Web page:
The cooled venous blood from the face and scalp can thus flow through emissary veins and into the diploic veins between the inner and outer layers of bone that form the cap over the brain. It can also flow through the skull and into the dural sinuses inside the cranial vault. The emissary veins thus cool the dural sinuses directly (see picture above). They also keep a cooler layer of blood in diploe between the bones of the skull.
The other role some of the emissary veins play is in draining the head and brain during upright posture. In particular, (in the top picture) the ones located toward the back and bottom of the skull, as well as behind the outline of the ear, all drain into the vertebral veins of the spine. The emissary veins that are used to increase drainage capacity of the brain during upright posture empty into the internal and external vertebral veins inside and outside the spine and spinal canal. The vertebral veins thus help to transport heat away from the brain.
Lastly, the most important feature of the brain cooling system is the heat exchanger mechanism used by humans. In this case venous blood that has been cooled by cranial veins of the face and scalp flows through dural sinuses that serve as counter-current heat exchangers that cool incoming arterial blood before it enters the brain.
If you look at the picture above of the main dural sinus of the drainage system of the brain, you will see the internal carotid artery, depicted in red, passing through the venous cavernous sinus (blue) before it enters the brain. Several veins from the face drain cooled blood into the cavernous sinus thus allowing it to act as a heat exchanger for arterial blood entering the brain. As an aside, it is interesting to note that the largest vein that plays a role in cooling the cavernous sinus is the opthalmic vein, which drains the eye. The exposed surface of the eye thus helps cool the brain.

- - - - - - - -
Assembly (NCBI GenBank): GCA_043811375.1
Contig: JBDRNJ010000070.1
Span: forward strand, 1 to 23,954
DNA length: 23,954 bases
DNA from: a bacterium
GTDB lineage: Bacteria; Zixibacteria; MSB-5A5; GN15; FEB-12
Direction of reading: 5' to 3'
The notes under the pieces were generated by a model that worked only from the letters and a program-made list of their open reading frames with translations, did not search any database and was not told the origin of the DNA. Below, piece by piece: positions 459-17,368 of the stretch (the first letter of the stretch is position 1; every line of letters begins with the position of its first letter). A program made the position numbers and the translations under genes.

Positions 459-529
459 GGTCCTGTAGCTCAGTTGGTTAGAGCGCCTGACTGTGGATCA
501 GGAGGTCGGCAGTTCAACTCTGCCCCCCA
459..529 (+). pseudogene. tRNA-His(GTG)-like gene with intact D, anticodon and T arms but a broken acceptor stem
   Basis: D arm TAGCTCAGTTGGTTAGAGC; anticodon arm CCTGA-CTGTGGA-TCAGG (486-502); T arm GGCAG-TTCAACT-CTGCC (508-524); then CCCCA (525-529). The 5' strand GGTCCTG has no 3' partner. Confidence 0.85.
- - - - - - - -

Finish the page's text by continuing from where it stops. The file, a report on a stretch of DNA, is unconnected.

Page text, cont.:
Cooled venous blood leaves the cavernous sinus by several routes. Two of the main routes are the superior and inferior petrosal sinuses seen in the picture above at the rear of the cavernous sinus. The petrosal sinuses pass through the jugular foramen located in the posterior fossa of the cranial vault and empty into the internal jugular veins.
The suboccipital cavernous sinus, which is also known as the atlantooccipital membrane as depicted in the picture below also acts as a heat exchanger. It is located just outside the skull between the first cervical vertebra and the occipital bone at the base of the skull. Although it is outside the skull, the suboccipital cavernous sinus is constructed of nearly identical materials, in the exact same way and serves similar functions to the cavernous sinus. For this reason, some scientists now consider the suboccipital cavernous sinus to be part of the intracranial dural sinuses of the brain. The vertebral arteries pass through the suboccipital cavernous sinus, which cools the blood before it enters the brain. The suboccipital cavernous sinus is cooled by scalp and emissary veins.